Check out these seven steps to ensuring your job provides personal fulfillment and makes a difference.
December 14, 2015
For many college students, the anxiety around landing a job after graduation is matched only by the nagging uncertainty over whether it will be the right job. Will it be meaningful? Will I work for a cause I hold dear or will I be a cog in the wheel? Will my first job set me up to make a lasting impact? The good news is these questions are totally normal. Even better news? There are several steps you can take to ensure that your first job after college provides personal fulfillment, and yes, even makes a difference.
Here are seven tips for choosing a career with meaning.
Identify what you want to accomplish. According to Nathaniel Koloc, the CEO of ReWork, “people are fulfilled most quickly when they first prioritize the impact that they want to have.” Koloc suggests letting the concept of “legacy” or a higher purpose, mission, or cause drive you. He writes, “This means knowing that in some way—large or small—the world will be a better place after you’ve done your work.”
Play to your strengths. Think about the moments in school when you’ve been happiest—and, yes, the most miserable. Do you thrive staying up all night writing papers but balk at the idea of doing group presentations? Once you start to identify where your strengths and interests intersect with your values, you will be in a strong spot to make confident work decisions.
Consider a job in service or working for a nonprofit. Teach For America is one way you can make an immediate impact from day one on the lives of kids in low-income communities, but there are many other public service opportunities available to recent college graduates. If you’re not already, test the waters by volunteering with local chapters of national nonprofits or organize a student group dedicated to a cause you’re passionate about. You’ll gain experience navigating organizational culture, while also honing in on your own passions.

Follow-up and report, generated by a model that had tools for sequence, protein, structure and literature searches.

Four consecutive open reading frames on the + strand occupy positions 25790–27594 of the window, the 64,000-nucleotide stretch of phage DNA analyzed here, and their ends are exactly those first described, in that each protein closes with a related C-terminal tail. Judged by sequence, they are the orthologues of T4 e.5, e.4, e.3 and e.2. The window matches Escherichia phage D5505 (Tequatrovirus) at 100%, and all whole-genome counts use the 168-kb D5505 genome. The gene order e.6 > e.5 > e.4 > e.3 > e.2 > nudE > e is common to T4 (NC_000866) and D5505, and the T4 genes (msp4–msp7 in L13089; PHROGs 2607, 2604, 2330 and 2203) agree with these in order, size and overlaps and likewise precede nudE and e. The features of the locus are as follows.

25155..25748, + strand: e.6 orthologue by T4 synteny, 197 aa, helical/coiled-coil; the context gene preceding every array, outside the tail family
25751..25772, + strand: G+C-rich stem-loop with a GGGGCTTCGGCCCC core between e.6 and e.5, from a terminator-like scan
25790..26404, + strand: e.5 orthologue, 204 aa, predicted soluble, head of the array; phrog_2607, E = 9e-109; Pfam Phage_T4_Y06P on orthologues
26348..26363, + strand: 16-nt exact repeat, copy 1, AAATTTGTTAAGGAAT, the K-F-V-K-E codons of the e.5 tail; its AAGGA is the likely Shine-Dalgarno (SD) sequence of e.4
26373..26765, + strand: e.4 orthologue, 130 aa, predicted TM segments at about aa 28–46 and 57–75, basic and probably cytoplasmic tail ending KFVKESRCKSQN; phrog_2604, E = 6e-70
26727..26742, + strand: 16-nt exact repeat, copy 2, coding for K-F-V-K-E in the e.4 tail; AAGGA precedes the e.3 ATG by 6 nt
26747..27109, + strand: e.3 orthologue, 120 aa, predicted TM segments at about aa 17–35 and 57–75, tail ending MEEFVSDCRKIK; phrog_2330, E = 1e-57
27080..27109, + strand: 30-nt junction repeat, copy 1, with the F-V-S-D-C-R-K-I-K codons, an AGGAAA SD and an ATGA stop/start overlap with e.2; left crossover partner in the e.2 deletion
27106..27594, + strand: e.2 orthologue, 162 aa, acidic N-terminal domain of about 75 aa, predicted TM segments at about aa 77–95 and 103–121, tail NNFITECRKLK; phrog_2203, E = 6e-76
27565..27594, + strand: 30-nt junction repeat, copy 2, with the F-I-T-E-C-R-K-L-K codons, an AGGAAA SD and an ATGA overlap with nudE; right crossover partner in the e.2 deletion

Focus on what you know. A close cousin to “playing to your strengths,” this tip is all about you—and focusing on what you know about yourself. Do you have certain non-negotiables when it comes to work? That’s okay! It’s better to know and own those things now, before accepting a job. Too often college grads jump into a career because they think it’s the path they should be on, without considering their short- and long-term needs.
Be honest with yourself. It’s time for real talk: Do you have certain lifestyle aspirations? Do you want to live in a certain city or travel the world? Again, all is okay, but it will save you a ton of time and disappointment if you identify those needs ahead of time and steer clear of discounting them. Ultimately, you even may decide that making an impact right now is more important than any personal sacrifices.
Talk to your friends and family. There is no better resource than those who know you well. Close friends and family can offer the perspective of experience—and may have lessons learned that can inform your path—as well as provide insight into your strengths that you may not have considered.
Value what you learn. Even if the first job you accept after college ends up being a mismatch, you’ll still gain valuable skills that you can apply to your next opportunity—hopefully one that is more aligned with your values. As Koloc writes, it’s time to “let go of the idea that careers are linear. These days, they are much more like a field of stepping stones that extends in all directions…The trick is simply to move to stones that take you closer and closer to what is meaningful to you.”
Inspired to embark on a career with meaning? Learn more about Teach For America’s mission to make a great education a reality for all children—and start an application today.